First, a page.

5.7              The government has acknowledged that ‘staff in the hardest hit, largely consumer-facing sectors, such as hospitality, are more likely to be young, female, from an ethnic minority, and lower paid’ (HM Treasury, 2021: 14). However, this acknowledgment does not constitute an impact assessment. The above quote is the only reference of ‘female’ and the word ‘women’ appears three times, once in regard to homeless women facing domestic abuse and money for respite rooms and twice in regards to money to support the Women’s Euros football competition in 2022. More pointedly, the 2021 Budget does not include a single reference to either ‘gender’ or ‘equality’. The only time ‘inequalities’ is mentioned is in regards to geographical inequalities, which is linked to its ‘levelling up’ strategy. It does not make any attempt to ascertain how the Covid-19 pandemic has gendered impacts and therefore how the recovery process needs to take this into account.


6.                How can the Treasury better reflect the impact of its policies by disability, gender, and race in its impact assessments? 

Value of Impact Assessments for helping decision-makers to tackle social and economic inequalities.

6.1               Impact assessments can be a very effective tool for identifying the potential unintended consequences of policies. However, they require detailed knowledge of equality and inclusion matters, as well as a willingness to act on the recommendations and analysis.

6.2              We therefore recommend that summary statements are included in all recovery policies and at every step of the policy cycle. Considerations about equality and inclusion should be integrated into all stages of the policy process, from agenda setting and problem defining, through to formulation and design, to implementation and monitoring. Constantly evaluating the impact of policies and effectively institutionalising this within the policy cycle will minimise the unintended consequences of policies on minoritised groups. These should be made public.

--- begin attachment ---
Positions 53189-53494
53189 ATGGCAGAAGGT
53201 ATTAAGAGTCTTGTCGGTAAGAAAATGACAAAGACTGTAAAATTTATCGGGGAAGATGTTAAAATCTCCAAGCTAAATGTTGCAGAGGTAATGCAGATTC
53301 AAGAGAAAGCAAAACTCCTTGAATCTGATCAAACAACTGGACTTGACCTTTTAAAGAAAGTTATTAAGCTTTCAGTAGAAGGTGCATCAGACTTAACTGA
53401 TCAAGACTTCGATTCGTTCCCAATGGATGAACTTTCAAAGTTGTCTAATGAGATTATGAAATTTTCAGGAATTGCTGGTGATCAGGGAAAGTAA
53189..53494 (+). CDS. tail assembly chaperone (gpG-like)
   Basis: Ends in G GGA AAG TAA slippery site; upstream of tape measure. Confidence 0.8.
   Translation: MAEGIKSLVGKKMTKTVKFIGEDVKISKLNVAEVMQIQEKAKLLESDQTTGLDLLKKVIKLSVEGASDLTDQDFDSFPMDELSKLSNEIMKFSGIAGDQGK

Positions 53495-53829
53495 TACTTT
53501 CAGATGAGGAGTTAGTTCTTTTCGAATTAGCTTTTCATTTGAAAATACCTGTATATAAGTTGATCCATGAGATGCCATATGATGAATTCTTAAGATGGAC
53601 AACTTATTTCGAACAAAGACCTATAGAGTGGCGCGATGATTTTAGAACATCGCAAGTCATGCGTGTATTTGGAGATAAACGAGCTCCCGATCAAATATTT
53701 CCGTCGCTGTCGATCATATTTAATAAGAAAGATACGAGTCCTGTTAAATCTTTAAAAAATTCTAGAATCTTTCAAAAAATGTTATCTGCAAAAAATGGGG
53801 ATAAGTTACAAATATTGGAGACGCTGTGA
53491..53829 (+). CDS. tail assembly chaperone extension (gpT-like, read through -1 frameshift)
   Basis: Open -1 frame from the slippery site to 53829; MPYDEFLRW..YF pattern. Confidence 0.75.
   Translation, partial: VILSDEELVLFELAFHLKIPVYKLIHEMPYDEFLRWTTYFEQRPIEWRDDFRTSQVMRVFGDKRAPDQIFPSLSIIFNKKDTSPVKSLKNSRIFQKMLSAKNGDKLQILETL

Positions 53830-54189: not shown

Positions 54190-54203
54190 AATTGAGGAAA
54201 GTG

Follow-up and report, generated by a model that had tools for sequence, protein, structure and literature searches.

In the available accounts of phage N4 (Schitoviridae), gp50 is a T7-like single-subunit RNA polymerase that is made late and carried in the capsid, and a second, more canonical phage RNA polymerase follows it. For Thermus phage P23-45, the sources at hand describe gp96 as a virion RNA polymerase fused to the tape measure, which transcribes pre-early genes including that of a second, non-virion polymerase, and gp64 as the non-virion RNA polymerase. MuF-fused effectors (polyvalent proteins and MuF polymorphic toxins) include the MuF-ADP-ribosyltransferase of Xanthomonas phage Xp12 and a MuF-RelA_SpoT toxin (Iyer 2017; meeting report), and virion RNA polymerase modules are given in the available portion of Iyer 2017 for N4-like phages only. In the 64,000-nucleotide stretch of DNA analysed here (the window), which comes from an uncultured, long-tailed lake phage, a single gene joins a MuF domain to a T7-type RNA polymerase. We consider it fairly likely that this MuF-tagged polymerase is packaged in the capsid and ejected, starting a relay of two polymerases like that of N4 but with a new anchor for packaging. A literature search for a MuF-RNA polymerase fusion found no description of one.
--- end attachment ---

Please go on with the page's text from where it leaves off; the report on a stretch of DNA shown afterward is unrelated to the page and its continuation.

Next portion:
6.2   In order to ensure that the impact assessments are acted upon, we recommend auditing work in this area. An audit provides a detailed assessment of the extent to which impact assessments are affecting change and would establish a baseline, identifying any critical gaps and challenges to the use of impact assessments (European Institute for Gender Equality, 2021). This would ensure that;

        Gender equality is being considered at every stage of the policy cycle, to ensure an equal recovery

        That consideration of gender equality is being effectively institutionalised into decision-making on COVID-19 recovery.